Senate panel approves school turnaround bill despite concerns

Baxley said he wants no more F schools in the state.

The Senate Education Committee unanimously approved school turnaround legislation despite some concerns by members.

The bill sponsored by Sen. Dennis Baxley (SB 1498) speeds up the timetable for F-rated schools to adopt and put into place improvement plans. Members of both parties raised concerns that the required timeline might be too strict and not always in the school’s best interest. 

Under Baxley’s legislation, schools that earn the lowest grades on the state assessments, scoring a D or a F, must create a turnaround plan. Currently, a school wouldn’t have to do that unless it received two consecutive D’s or one F and has two years to raise test scores. His bill would give the schools the rest of the school year plus an additional year to turn things around or they would face closure, conversion into a charter school or relinquishing control of operations to an outside entity. 

“I really believe that it’s time to hit the gas,” Baxley said. “How long are we going to send (kids) to a place to fail?” 

The bill is tied to a more comprehensive piece of legislation (CS/HB 7079) that revamps the statewide accountability system to align with the new Benchmarks for Excellent Student Thinking (BEST) Standards, which is replacing Common Core

Baxley noted that the majority of schools that have entered the turnaround system successfully exited with a “C” grade or higher. He said his bill is aimed at addressing the more than 60 schools that exited and then got another low performing score.

Ingrid Hanley is a fifth-grader who says she goes to a school that would suffer or even close if Baxley’s bill became law. She said its score has fluctuated between a “C” and a “D” over the past few years. But that doesn’t explain what’s great about her school. 

“My school [has] done a lot for me personally,” she said. “My school has helped me grow as a student and as a person.”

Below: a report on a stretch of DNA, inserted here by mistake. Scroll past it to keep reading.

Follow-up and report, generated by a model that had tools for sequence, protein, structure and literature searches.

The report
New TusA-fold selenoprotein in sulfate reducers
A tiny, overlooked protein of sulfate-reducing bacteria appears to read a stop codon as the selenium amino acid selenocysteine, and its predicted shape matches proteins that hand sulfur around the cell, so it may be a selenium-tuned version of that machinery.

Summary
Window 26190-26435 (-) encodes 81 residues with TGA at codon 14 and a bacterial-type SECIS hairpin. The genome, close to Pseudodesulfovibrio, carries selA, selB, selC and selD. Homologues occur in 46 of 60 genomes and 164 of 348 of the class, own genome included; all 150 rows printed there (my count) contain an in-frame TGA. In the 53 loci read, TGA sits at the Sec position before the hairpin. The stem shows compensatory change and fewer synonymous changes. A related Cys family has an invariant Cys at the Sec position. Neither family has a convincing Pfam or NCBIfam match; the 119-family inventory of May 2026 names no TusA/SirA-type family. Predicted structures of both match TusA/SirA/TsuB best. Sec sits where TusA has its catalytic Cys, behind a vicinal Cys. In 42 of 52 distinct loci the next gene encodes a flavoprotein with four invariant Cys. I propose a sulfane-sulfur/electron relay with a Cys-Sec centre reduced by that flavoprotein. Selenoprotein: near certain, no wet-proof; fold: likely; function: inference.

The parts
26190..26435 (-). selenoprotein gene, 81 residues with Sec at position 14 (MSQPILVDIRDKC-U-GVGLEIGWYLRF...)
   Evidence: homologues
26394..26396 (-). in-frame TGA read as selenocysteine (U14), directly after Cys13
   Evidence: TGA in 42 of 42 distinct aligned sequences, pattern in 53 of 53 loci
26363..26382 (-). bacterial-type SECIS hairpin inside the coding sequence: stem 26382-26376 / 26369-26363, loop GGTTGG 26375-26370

Opponents of parts of the legislation say schools with large populations of low-income students face challenges that make the strict time frame problematic, such as children entering kindergarten already behind, absenteeism and tardiness.

Sen. David Simmons said he was troubled by the tight timeframe and hoped Baxley would introduce an amendment before the next committee stop so it didn’t “unreasonably and inappropriately” penalize those schools.

Baxley’s bill now heads to the Appropriations Subcommittee on Education.

The House Education Committee is set to hear HB 7079 Tuesday afternoon.

Sarah Mueller

Sarah Mueller has extensive experience covering public policy. She earned her bachelor’s degree in journalism in 2010. She began her career covering local government in Texas, Georgia and Colorado. She returned to school in 2016 to earn a master’s degree in Public Affairs Reporting. Since then, she’s worked in public radio covering state politics in Illinois, Florida and Delaware. If you'd like to contact her, send an email to [email protected].


Florida Politics is a statewide, new media platform covering campaigns, elections, government, policy, and lobbying in Florida. This platform and all of its content are owned by Extensive Enterprises Media.

Publisher: Peter Schorsch @PeterSchorschFL

Contributors & reporters: Phil Ammann, Drew Dixon, Roseanne Dunkelberger, A.G. Gancarski, Anne Geggis, Ryan Nicol, Jacob Ogles, Cole Pepper, Gray Rohrer, Jesse Scheckner, Christine Sexton, Drew Wilson, and Mike Wright.

Email: [email protected]
Twitter: @PeterSchorschFL
Phone: (727) 642-3162
Address: 204 37th Avenue North #182
St. Petersburg, Florida 33704